As the priest who ministers to immigrants in three detention facilities, two which are for minors, he said he prays with the children and celebrates Mass. "There's no doubt that they're in a moment of suffering and distress and they're praying for strength and for their families," Garcia said of the adult immigrants in custody. He worried about the long-term effects the trauma would have on the younger ones. "These kids that are 5, 6 years old, they're cared for and all, but they're there by themselves."

Back at the respite center in McAllen, news teams from Norway, Italy and the U.S. stood in line to interview Pimentel while trying to make sense of the Trump administration's policy. The demand for her time was so great that volunteers had to limit her media exposure. "She's exhausted," they said.

Amid the bustle, Pimentel reflected back on the 1980s when border agents called her convent to see if the sisters could care for an immigrant family. "Border Patrol was extremely caring about the family and the children and making sure they were at a place they could be together."

Sr. Norma Pimentel, executive director of Catholic Charities of the Rio Grande Valley, takes a moment to catch up on messages outside the Humanitarian Respite Center in McAllen, Texas. The sister, who was bombarded with media requests for interviews, spends most of her time taking care of immigrants at the Humanitarian Respite Center that she helped found. (Nuri Vallbona)

Despite the harshness of reports coming from her immigrant visitors, she still said the relationship with border agentsl and ICE is "very good." She planned to have coffee that afternoon with Border Patrol Sector Chief of the Rio Grande Valley, Manuel Padilla Jr., who checks in from time to time to see what she needs or hear her concerns.

"As far as how the government has proceeded to handle this — this is the worst thing I've seen," Pimentel said. "It's wrong to use the pain of a child, the suffering of a family to deter another family from coming. I think it's totally unethical; it's immoral; it's cruel and it should not happen."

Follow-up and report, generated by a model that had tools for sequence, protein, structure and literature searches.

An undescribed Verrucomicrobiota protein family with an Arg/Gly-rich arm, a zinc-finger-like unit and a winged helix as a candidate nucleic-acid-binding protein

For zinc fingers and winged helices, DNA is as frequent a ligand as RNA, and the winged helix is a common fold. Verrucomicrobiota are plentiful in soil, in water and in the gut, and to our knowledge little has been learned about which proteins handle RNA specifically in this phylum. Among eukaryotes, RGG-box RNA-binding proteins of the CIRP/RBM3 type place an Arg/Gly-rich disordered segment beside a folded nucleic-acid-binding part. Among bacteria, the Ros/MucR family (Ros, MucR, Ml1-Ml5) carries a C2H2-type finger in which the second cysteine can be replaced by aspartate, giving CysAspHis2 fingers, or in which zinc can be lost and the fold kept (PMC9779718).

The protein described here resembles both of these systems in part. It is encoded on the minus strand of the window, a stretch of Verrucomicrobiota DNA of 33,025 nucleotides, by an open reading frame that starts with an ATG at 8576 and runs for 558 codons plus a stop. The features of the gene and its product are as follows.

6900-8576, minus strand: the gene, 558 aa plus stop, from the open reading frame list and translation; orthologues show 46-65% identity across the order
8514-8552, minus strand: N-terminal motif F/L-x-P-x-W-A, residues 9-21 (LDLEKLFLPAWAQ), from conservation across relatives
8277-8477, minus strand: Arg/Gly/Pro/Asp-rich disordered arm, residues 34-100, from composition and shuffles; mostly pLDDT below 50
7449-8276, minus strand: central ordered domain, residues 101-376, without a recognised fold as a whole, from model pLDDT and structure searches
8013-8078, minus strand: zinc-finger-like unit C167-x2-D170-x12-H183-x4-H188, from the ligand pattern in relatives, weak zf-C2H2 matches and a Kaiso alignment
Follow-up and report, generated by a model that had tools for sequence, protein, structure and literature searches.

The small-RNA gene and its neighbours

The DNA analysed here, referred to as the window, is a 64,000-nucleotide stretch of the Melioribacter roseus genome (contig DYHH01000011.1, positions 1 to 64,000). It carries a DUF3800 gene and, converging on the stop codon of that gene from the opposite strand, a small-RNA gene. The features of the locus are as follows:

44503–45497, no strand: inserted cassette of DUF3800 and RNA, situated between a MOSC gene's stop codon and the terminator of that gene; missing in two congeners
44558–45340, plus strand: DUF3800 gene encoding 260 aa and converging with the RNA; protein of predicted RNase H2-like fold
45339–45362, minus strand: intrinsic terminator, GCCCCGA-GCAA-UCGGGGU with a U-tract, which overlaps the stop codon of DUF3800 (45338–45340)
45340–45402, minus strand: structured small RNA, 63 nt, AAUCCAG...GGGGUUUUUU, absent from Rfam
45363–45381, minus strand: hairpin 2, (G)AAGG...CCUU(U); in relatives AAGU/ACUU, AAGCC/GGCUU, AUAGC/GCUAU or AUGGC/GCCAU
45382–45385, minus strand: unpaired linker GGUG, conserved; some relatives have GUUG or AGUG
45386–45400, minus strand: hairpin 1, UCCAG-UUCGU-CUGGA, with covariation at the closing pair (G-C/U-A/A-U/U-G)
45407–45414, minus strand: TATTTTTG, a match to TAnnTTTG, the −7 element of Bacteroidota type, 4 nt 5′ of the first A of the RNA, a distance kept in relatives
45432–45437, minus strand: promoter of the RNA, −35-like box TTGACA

When asked if she thought the policy had deterred people from coming, Pimentel hesitated. "It doesn't look like it is," she said. "I think that if it was, it would have already stopped, but they're still coming in great numbers."

A few hours later, a bus dropped off a group of around 20 immigrants at the respite center. They raced for the doors in the pouring rain and took a seat in the blue plastic chairs while they waited to be assisted by volunteers. Less than an hour later, another group of about 15 came through the glass doors. Another group followed, and then another — averaging about 100 a day. Pimentel was right. They were still coming in great numbers.

* This story has been updated to name the CBP agency as Customs and Border Protection. The CBP agency hires and manages border patrol agents. 

** An earlier version of this story misspelled Lofgren's first name.

[Nuri Vallbona is a freelance documentary photojournalist. She worked for the Miami Herald from 1993 to 2008 and has been a lecturer at the University of Texas and Texas Tech University.]

Related - Immigration response: Sisters condemn family separation, say root causes of migration remain unchanged